Non-steroidal anti-inflammatory drugs (NSAIDs):

  • Have analgesic (pain relieving), antipyretic (fever reducing) and anti-inflammatory properties
  • Beneficial across the spectrum of pain intensities:

– The mainstays of treatment for mild to moderate pain

– Part of a multi-modal protocol for moderate to severe pain

  • Used for acute and chronic pain including osteoarthritis, cancer and many inflammatory conditions
  • Can have occasional adverse reactions which may be variable, subtle, severe or unusual



  • Generally derived from morphine, they contain chemicals which relax the body and relieve pain
  • Are the basis of effective pain treatment
  • Used for mild, moderate and severe pain
  • Are potentially addictive



  • Can be potent anti-inflammatories
  • Have many other uses, including suppressing the immune system
  • Commonly have a wide spectrum of side effects, depending on the type of steroid and the dosage administered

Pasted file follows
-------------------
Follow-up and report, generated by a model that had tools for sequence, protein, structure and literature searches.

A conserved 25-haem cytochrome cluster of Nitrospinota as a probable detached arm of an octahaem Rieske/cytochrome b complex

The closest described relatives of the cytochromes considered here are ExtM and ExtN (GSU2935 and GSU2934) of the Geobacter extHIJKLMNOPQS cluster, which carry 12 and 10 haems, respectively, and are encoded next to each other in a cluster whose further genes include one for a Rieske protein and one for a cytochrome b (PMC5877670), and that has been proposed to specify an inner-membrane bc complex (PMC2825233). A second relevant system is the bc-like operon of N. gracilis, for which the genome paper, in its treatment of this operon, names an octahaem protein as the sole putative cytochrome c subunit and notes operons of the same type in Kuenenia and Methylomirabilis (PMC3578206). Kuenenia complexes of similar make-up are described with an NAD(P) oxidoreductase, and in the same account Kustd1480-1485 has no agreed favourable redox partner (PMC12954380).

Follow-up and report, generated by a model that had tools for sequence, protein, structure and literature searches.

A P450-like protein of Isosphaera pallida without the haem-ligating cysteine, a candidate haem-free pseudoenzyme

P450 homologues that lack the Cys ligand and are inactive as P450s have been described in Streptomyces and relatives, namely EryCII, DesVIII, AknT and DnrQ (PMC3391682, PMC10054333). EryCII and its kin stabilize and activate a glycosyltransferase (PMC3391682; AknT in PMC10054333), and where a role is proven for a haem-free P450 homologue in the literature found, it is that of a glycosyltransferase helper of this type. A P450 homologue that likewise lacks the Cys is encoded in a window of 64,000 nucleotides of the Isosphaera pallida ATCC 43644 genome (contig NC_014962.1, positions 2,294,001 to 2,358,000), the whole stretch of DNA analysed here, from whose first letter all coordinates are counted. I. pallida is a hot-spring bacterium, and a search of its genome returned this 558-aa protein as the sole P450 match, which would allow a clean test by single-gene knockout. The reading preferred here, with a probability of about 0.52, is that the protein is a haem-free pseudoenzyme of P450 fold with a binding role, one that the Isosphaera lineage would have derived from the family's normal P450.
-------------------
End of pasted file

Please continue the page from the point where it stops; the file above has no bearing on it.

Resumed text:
Non-pharmacologic methods

Non-pharmacologic therapy can be used as a supplement to medication to boost pain prevention, management and treatment. These methods of pain control are usually used for chronic pain but may also be beneficial in the treatment of acute pain. The selection of the most appropriate non-pharmacologic treatment depends on the underlying cause of chronic pain and the species.

Among these therapies are nutraceutical supplements, dietary modification and many forms of rehabilitation, including acupuncture, low-level laser, massage, and transcutaneous electric nerve stimulation. Many basic lifestyle changes can also help to reduce pain. However, the body of literature critically examining the efficacy of many of these therapies is currently relatively small.